anais_debbie1

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If you could not be on the verge of panic for a little while, wouldn’t that be nice? But it’s never quite that easy. It’s always been something like, a lack of sleep, and seeking a solution for this problem, going on the Prozac which makes you sleepy all the time, covered in life’s slime, then to Wellbutrin, which gives you energy but whispers in your ear that your life is ending. It’s always—some nagging issue, some faulty treatment, eternal discontent.

When you have sleep mastered for a while, you get up and face all those little problems you can’t manage to fucking solve. You walk down the halls at work and the pies are just smashing you in the face. You feel like a joke, but you’re actually just doing your job and being a good contributing member to society. But your brain isn’t convinced. If things were okay, then, well, wouldn’t you be gushing with serenity and happiness like, you know, those—those people? Wouldn’t you know?

You try to force your mind into a Zen state, then you remember that you can’t be forceful with Zen and your mind should be settling down like a leaf falling to the ground or some shit. Not forced into observant appreciation. Then there’s some shit with breathing. You ask about how to dissolve your anxiety, and the doctor gives you a little machine that hooks up to your finger and tells you about your heart rate.

YOUR HEART RATE IS TOO FAST. SLOW DOWN. COME ON. DO IT. DO IT NOW. RELAX. INHALE, EXHALE, FUCK!

Shouldn’t that be easy? Breathing?

You call your mom, because you want to have this amazing relationship with her where you appreciate her for the role she’s played in your life, and love her unconditionally which you somehow need to do because your soul is just making you. She is tired. You haven’t talked to her in two weeks but she asks you what’s new like she’d rather be doing something else. She tells you to just call her every now and then to update her. This isn’t the close relationship you were looking for, but it’s something and you should appreciate that but you only want to share everything with her. Some point in your life you probably screwed this dynamic up, back when you were a teenager and despised her for the way she thought, and your early 20s where you just ignored her.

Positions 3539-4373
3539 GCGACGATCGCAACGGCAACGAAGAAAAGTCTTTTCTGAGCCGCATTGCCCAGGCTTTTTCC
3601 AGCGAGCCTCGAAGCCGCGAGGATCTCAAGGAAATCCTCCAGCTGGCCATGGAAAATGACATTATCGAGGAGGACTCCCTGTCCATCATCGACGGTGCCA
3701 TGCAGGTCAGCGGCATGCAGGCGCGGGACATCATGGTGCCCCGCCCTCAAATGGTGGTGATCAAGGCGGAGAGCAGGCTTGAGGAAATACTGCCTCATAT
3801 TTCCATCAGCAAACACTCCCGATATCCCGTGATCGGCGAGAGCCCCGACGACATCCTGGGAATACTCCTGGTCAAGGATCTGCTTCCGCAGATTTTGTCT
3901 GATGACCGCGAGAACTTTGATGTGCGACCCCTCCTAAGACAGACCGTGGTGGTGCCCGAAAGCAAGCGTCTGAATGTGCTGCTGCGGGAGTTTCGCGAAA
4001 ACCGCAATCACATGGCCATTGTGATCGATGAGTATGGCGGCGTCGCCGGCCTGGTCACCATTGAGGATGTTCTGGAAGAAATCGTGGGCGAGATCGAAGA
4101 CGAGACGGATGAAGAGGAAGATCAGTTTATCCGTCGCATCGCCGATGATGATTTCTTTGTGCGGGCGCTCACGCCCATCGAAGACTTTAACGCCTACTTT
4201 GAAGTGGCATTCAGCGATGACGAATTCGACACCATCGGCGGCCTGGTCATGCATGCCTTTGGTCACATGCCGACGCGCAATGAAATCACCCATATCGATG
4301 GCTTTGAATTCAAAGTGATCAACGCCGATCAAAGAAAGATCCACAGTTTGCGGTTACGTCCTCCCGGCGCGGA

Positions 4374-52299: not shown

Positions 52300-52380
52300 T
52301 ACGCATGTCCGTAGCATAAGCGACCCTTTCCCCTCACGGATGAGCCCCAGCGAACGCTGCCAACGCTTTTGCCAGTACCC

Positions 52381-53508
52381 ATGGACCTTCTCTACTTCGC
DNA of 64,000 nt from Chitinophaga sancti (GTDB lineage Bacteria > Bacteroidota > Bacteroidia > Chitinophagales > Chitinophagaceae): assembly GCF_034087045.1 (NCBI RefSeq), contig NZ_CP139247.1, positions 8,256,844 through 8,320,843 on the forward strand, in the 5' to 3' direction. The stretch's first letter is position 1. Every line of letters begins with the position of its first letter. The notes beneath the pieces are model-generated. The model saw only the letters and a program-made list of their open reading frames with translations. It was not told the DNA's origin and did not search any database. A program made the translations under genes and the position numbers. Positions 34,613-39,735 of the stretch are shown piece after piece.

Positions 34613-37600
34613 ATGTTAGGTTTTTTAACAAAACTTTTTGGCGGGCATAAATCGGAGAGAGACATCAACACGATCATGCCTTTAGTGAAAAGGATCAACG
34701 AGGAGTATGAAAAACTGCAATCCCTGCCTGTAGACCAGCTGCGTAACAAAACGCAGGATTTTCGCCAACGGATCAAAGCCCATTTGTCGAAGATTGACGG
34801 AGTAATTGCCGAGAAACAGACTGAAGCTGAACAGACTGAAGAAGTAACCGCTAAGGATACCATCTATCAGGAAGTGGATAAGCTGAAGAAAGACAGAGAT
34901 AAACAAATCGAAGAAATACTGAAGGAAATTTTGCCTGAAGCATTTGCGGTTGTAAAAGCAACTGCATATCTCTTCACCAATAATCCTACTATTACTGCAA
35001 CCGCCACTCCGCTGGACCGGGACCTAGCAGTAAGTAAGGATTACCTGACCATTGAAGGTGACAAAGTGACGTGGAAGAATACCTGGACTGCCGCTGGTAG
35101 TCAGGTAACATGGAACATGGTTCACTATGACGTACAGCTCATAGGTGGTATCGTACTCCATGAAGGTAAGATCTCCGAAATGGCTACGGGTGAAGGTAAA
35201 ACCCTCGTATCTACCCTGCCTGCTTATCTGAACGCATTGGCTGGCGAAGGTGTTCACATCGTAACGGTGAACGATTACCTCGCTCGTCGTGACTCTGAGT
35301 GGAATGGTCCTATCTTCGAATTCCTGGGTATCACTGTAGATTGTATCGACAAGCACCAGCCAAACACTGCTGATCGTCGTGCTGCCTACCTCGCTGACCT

Damn it. This is going to become never-ending regret.

You go to work and several people there decide to sit across from you and talk about how young you look. You look so young, your eyes are all big and bright even though you’re terrified, you’re probably dressing wrong or something. Their eyes look you up and down and you can see them actively judging you in your presence and you don’t even care enough to look at them closely and judge them back. They’re not even interesting people. They like the same sports teams as everyone else and town, like the same shows, go to the same stores, talk about the same memories. This is harsh of you, but they are looking at your stomach to see how much you weigh.

You can see where their eyes are pointing.

You try to go home, and someone swoops down on you and demands to know what your life choices have been thus far. What is your job? What is your job? WHAT IS YOUR MOTHERFUCKING LINE OF WORK? Then they try to empathize with this line of work, give their opinion on it, they’ll ask where you’re from and you’ll say it, for the thousandth fucking time—

Sports teams? Sports teams? Sports teams?

Then out of nowhere this person will make fun of the things you care about the most in the world, making jokes, bad jokes. You’ll be fumbling to find the right key, but they all look sort of the same. You just need to stick a key in the doorknob and go home but this person wants to tell you exactly what they think about everything and zero in on choice details in your life to try to turn into jokes. This person thinks they’re great. They’re fun to be around! You all need to hang out.

You’re worried about sleep. All those interactions stuck little needles in your brain, marking where the insecurities and neuroses are. You try to ignore those points, nope, not looking at them, you are looking away, you are listening to this—humming of the fan! Crickets outside! But then you’re back to those needles again, pulling them out of your brain and sticking them back in.

You’re worried about sleep. Sleep will make everything better, yes, that’s the solution. Then it’s dawn and you spent the whole night running laps around that thought.

You’re working things out. Slowly. When this is all resolved, you’ll know

                                                     Hope Gangloff